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Read the latest technical insight from Columbia Metals to deepen your understanding of advanced performance alloys.

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Alloy 400 v Alloy K500


Within the Monel family of nickel-copper alloys there are two particular alloys, Alloy 400 and Alloy K500, that appear outwardly to be very similar. An in-depth examination reveals there are differences between the two. Further explanation of these differences can prove of benefit in issues of material selection. In this post we will look at the two alloys and compare and contrast their metallurgical properties.

Alloy 400 and Alloy K500 are both nickel-copper alloys containing approximately 65% nickel and 30% copper. The chemical composition of Alloy K500, however, includes 3% aluminium and 0.5% titanium.

Chemical Composition

Ni Cu Al Fe Mn Ti
Alloy 400 63 min 28-34 2.5 max 2.0 max
Alloy K500 63 min 27-33 2.30-3.15 2.0 max 1.5 max 0.35-0.85

The two alloys also have different strengthening methods. Alloy 400 is solid solution strengthened and K500 is precipitation hardened. It is these different strengthening mechanisms that produce the mechanical differences between Alloy 400 and K500. The solid solution strengthening of Alloy 400 gives a lower tensile strength than that of K500 but makes it tougher than K500.

Mechanical Properties (specification minima)

Alloy 400
<40mm cold worked,
stress relieved
Alloy K500
<25mm cold worked,
precipitation hardened
UTS (MPa) 600 1000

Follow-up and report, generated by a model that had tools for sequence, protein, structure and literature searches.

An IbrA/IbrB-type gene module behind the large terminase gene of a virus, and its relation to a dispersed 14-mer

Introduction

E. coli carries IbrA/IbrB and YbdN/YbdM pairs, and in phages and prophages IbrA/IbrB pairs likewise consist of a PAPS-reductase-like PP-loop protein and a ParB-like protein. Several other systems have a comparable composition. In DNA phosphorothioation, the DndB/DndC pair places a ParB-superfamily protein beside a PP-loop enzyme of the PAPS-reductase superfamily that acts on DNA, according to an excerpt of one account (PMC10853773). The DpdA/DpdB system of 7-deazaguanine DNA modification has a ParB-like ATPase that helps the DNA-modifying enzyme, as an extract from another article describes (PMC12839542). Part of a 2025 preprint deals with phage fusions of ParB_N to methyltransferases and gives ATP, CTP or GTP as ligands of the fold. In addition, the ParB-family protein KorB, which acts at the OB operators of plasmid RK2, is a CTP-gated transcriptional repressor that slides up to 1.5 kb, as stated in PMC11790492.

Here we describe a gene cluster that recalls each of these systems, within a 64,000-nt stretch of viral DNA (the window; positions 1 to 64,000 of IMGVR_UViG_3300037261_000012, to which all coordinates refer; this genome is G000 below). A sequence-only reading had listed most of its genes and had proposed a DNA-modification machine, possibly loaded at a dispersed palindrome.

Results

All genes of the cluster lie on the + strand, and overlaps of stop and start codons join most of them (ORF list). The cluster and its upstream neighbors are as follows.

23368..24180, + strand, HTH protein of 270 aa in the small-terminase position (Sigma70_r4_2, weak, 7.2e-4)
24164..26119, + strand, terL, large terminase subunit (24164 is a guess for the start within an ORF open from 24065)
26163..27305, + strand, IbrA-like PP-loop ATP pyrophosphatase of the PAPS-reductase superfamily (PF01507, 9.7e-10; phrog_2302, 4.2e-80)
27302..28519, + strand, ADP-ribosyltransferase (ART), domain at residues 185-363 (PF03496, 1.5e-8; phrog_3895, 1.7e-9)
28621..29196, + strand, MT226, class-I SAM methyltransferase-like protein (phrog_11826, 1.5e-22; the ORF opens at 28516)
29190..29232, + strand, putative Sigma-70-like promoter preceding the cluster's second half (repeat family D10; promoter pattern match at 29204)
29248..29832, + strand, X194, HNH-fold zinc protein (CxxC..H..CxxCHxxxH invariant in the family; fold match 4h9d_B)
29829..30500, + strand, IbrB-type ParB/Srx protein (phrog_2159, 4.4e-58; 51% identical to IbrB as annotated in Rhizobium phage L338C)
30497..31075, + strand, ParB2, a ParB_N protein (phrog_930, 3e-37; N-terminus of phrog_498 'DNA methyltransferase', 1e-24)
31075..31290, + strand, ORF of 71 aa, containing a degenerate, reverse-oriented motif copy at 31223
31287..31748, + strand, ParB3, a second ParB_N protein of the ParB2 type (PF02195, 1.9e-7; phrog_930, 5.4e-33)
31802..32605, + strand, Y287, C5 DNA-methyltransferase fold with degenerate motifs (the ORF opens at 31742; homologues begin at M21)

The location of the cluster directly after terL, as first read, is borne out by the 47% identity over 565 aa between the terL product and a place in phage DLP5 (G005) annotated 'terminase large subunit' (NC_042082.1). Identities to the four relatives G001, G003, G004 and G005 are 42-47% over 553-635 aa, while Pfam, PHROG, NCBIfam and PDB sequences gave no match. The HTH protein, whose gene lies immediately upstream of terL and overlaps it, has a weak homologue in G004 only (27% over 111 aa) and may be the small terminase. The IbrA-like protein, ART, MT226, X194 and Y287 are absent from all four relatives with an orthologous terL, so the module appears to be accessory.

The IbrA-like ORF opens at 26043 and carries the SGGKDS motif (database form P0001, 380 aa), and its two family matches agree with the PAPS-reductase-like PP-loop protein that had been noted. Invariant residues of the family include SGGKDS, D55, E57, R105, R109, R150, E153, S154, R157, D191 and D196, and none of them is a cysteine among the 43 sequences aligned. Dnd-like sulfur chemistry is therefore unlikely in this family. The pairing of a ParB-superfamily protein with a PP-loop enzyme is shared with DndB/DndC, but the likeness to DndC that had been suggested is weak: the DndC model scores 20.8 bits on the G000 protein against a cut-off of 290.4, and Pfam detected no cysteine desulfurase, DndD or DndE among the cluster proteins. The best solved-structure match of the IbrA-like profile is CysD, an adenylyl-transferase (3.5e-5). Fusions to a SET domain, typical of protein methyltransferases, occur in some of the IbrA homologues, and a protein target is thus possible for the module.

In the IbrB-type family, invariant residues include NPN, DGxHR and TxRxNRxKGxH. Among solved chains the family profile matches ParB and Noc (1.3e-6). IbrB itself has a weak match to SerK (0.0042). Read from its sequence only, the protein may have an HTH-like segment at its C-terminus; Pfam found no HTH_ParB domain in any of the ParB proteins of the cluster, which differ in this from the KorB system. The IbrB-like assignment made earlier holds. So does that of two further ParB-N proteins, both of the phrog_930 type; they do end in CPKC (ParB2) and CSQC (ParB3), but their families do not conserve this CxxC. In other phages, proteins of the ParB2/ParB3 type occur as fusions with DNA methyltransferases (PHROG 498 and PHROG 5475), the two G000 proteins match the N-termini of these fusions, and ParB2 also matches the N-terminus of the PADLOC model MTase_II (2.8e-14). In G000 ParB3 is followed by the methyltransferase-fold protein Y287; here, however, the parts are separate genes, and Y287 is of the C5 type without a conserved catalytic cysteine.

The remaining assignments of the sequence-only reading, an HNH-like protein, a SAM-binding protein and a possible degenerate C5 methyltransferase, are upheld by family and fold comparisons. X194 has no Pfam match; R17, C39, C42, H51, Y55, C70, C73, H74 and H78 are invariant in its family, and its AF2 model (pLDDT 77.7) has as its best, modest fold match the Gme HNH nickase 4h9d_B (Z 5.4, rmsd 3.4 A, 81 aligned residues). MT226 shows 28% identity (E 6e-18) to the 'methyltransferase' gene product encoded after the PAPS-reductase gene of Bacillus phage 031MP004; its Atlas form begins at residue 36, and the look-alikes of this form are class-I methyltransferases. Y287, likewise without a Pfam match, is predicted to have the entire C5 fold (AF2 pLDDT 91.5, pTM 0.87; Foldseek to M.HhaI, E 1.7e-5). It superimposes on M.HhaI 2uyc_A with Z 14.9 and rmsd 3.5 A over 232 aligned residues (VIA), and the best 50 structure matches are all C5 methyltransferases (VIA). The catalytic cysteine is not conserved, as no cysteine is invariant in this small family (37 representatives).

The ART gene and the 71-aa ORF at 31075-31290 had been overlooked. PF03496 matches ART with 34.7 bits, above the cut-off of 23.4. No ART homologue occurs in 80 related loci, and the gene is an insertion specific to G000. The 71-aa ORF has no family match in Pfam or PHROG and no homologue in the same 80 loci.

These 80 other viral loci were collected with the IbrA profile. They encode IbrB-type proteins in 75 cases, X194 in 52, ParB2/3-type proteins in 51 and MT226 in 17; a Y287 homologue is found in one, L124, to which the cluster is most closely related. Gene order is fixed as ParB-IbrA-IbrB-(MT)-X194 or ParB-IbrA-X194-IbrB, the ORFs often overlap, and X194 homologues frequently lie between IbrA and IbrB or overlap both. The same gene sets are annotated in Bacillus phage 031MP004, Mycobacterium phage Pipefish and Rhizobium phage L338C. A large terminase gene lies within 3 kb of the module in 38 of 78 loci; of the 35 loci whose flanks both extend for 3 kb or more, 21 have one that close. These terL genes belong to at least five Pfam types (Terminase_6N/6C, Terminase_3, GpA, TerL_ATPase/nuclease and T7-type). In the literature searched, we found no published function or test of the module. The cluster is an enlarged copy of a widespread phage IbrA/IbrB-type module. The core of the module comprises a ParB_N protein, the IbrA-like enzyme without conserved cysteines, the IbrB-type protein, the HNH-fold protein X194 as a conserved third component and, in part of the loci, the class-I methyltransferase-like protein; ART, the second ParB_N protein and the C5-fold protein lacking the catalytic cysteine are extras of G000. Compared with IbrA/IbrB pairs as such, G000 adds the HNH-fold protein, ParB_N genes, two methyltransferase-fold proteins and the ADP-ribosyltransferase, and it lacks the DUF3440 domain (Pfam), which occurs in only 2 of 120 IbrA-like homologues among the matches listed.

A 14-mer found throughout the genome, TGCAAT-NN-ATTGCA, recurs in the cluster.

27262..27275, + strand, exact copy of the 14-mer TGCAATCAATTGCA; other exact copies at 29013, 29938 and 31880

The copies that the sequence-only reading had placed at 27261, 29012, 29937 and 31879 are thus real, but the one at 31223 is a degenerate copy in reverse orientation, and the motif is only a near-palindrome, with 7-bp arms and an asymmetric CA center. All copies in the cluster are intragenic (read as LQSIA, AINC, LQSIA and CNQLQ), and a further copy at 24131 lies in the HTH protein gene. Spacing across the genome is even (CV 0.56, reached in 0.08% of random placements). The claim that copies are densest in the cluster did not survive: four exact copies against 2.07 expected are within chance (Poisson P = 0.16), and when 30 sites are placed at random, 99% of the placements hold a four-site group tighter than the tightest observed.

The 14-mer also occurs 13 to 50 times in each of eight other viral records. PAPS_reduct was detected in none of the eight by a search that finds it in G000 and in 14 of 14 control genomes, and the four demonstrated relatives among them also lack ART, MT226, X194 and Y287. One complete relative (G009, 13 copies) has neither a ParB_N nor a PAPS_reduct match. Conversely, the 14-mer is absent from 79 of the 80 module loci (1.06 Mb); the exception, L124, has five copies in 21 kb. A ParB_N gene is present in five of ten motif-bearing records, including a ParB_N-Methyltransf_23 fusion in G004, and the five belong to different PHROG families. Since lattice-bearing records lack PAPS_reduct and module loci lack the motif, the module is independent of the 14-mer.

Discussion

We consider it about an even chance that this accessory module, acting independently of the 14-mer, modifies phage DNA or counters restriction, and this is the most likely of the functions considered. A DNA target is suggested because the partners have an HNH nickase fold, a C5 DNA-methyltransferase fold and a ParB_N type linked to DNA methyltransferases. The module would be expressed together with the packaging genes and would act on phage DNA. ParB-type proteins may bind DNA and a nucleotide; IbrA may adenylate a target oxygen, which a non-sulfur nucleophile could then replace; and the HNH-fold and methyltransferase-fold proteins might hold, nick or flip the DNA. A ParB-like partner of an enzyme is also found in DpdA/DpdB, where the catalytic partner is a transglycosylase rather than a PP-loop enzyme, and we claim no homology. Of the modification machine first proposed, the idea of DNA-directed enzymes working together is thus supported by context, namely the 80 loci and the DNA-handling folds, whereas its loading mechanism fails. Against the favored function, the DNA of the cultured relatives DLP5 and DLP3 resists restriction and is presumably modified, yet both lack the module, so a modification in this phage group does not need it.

0.2% Proof Strength (MPa) 415 760
Elongation (%) 20 14

The different alloying additions impact the cost of each material. The extra alloying additions for K500 have a commensurate effect on the price of the alloy. Alloy 400 is available at a lower price point for a given size while still providing a high tensile strength and maintaining the excellent corrosion resistant properties of K500.

The corrosion behaviour of Alloy 400 and Alloy K500 often finds them gainful employment, particularly in the chemical processing industries. Both alloys provides excellent corrosion resistance, although in some environments Alloy K500 can be susceptible to stress corrosion cracking (for example, hot hydrofluoric acid vapour at tensions close to the alloy’s yield strength). This is not an issue with Alloy 400, which makes it an excellent choice for use in equipment in contact with fluorine, hydrofluoric acid and hydrogen fluoride or their compounds.

Typical Physical Properties


Alloy 400 Alloy K500
precipitation hardened
Density (g/cm3) 8.80 8.44
Melting Range (oC) 1300-1350 1315-1350
Young’s Modulus (GPa) 180 179
Thermal Conductivity (W/moC) 180 179
Coefficient of Thermal Expansion (μm/moK) 13.9 x 10-6 13.4 x 10-6
Electrical Conductivity (IACS) 34 28

The final difference between Alloy 400 and Alloy K500 is the processing route, which can differ depending on size. Columbia Metals stocks Alloy 400 in the cold worked condition up to 55mm diameter, whereas Alloy K500 is cold worked up to 63.5mm diameter.

The choice between these two alloys ultimately depends on a few key factors, summarised below:

  • Cost – the lower level of alloy elements in Alloy 400 provides, size for size, a cheaper alloy
  • Mechanical properties – if the need for greater toughness is of prime consideration, then Alloy 400 would be the choice. Where greater tensile strength is required Alloy K500 would be a better choice
  • Corrosion performance – while both are good performers, Alloy 400 has the edge in fluorine or hydrofluoric environments

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